Only at this time of year, this supposed season of silly in which Christians uphold the ancient Pagan practice of keeping electrified trees indoors and you find yourself saying “don’t forget to plug out the tree” without blinking an ear as to how strange that sounds when you say it out loud, do people act differently. Raging alcoholics blend in with mild-mannered ones and at some point some know-it-all will proclaim “Die Hard” as their favourite Christmas movie when “Scrooged” is clearly a much better example although admittedly contains less explosions and European terrorists being killed but sure isn’t it all the more heart-warming and Christmassy because of that?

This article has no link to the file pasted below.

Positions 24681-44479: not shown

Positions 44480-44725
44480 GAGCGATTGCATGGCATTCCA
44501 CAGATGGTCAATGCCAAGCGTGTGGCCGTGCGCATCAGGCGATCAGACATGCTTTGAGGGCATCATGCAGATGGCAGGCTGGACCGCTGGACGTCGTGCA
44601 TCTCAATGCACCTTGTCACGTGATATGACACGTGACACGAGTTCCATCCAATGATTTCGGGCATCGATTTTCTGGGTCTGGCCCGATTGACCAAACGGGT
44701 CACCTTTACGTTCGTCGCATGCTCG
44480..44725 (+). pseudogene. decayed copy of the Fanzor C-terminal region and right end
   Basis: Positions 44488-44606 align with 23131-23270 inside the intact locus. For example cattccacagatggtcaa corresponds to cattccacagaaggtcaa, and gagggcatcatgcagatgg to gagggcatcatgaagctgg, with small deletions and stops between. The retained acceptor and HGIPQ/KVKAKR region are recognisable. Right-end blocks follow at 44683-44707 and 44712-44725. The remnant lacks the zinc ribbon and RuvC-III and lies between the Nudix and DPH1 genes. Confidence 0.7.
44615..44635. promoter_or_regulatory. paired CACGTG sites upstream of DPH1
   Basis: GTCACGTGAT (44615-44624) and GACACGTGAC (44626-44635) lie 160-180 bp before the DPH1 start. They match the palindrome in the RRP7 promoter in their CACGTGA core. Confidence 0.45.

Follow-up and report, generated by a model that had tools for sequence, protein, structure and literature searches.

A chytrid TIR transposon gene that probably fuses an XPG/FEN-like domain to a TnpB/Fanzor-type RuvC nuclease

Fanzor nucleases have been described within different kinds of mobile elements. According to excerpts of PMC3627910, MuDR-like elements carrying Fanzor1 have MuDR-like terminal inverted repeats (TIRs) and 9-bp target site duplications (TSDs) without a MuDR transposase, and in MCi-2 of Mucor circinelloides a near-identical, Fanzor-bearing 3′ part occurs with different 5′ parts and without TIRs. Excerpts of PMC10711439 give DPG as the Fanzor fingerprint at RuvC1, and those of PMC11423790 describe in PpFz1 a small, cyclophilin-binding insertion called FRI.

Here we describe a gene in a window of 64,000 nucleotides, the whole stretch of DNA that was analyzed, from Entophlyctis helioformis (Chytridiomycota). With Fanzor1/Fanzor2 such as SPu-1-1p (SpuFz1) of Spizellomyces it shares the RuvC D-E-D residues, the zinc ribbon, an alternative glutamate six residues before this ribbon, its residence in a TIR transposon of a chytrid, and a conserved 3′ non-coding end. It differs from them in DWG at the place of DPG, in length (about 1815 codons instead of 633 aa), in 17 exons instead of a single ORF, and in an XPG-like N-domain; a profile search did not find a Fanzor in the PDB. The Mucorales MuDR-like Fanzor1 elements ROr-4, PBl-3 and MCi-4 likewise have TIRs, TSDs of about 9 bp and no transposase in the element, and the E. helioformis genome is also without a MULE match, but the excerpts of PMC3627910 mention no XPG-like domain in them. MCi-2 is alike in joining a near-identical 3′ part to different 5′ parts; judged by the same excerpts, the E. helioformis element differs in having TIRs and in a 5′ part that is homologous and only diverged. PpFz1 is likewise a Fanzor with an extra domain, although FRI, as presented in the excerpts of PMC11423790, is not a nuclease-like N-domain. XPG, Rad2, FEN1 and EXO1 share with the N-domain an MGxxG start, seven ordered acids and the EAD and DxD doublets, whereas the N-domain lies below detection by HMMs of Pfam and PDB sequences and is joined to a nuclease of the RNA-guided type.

The season can get so silly at times it can actually lead to some people making very strange choices when it comes to earning a few extra Christmas Punts or, as was my case, just Punts. For I had no job, I was younger than I am now because it was the past, I needed the money. I became an in-store Santa Claus. It does sound strange when you say it out loud. The year was the year 2000, the hard to abbreviate year that had everyone in a panic over computers and the impending rise of the Euro. I was 23 years old and found myself living in Cork City, the greatest city in Ireland contained within the County of Cork. I needed to earn some quick and easy bucks for a mince pie business that I was sure was going to peak around March. I had become fascinated with mince pies ever since I discovered they didn’t contain minced animal meat but rather spiced fruit that looked like meat. This was just one of the many lies of Christmas along with the commonly used phrases “it’s just what I wanted” and “of course Santa is real, we are your parents and we love you and would never lie to you, now go to sleep”. When I was researching this magical, mythical, morbidly obese yet immortal non-profit gift giver one of the positive reasons given for making children completely believe in the lie only to pull the rug out from under their little trusting hearts is that it teaches them the lesson of never trusting anything they hear ever again for the rest of their lives. This is something every child needs for Christmas, a healthy dose of paranoia.